Background: Neonatal sepsis has the main cause of mortality and morbidity in neonates worldwide; the most frequent cause is bacteria. This study examined the bacterial patterns and antibiotic susceptibility in neonatal sepsis at Prof Ngoerah Hospital, Bali.
Methods: This observational, descriptive study was conducted in Prof Ngoerah Hospital, Bali, Indonesia involving neonatal sepsis confirmed with blood culture. Data on antibiotic susceptibility and bacterial patterns were collected retrospectively from the registry of neonates patients with neonatal sepsis from January 2021 to August 2022.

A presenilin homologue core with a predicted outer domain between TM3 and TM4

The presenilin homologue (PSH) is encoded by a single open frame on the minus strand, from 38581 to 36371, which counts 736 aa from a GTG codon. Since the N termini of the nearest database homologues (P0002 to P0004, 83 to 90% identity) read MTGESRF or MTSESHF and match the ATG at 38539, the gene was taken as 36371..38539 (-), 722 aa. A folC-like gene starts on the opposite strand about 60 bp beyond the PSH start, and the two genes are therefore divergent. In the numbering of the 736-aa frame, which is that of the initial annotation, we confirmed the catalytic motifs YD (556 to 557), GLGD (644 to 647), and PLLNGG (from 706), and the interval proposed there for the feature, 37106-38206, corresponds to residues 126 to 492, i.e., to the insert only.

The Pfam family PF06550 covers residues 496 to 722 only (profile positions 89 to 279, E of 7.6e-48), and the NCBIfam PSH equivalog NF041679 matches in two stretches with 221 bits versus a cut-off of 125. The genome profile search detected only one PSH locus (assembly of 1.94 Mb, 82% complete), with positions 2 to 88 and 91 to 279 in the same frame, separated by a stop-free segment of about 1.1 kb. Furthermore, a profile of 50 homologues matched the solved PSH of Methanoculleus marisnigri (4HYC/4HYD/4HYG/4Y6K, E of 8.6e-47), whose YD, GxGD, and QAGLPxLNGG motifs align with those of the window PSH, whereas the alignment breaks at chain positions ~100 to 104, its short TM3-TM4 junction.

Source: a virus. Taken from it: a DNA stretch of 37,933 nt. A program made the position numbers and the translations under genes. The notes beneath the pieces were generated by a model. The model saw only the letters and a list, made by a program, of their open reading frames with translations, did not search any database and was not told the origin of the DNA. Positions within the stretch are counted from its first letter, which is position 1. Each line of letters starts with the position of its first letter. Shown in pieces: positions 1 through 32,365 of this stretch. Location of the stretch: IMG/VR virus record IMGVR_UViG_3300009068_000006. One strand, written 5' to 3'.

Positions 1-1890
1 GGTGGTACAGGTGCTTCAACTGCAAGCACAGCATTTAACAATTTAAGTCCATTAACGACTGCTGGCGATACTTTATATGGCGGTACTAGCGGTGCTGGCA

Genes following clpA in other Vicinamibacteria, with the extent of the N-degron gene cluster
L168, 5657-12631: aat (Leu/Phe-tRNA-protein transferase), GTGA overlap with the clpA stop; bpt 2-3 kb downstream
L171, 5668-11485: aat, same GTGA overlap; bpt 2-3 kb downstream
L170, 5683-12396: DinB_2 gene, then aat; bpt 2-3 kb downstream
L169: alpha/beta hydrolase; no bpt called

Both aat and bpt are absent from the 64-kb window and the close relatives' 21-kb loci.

Results: The predominance of gram-negative bacteria was Acinetobacter baumannii (29.17%), Klebsiella pneumonia (10.42%), and the predominance of gram-positive bacteria was Staphylococcus haemolyticus (14.58%), Staphylococcus epidermidis (8.35%). The susceptibility was Gentamicin (57.29%), Ciprofloxacin (56.84%), Levofloxacin (55.21%), Trimethoprim/sulfamethoxazole (54.17%), Amikacin (50%), Meropenem (39.58%), Ampicilin/sulbactam (34.38%), Cefepim (32.29%), Piperacillin/Tazobactam (28.13%), Cefoperazone sulbactam (25%), Tigecycline (25%), Ceftriaxone (23.96%), and Vancomycin (22.92%).
Conclusion: Gram-negative bacteria were a common infection. This study suggests that the reconsideration of gentamicin still can be an option as an empirical antibiotic, but ampicillin has low sensitivity; another broad-spectrum antibiotic with better sensitivity is another option due to its significantly higher susceptibility.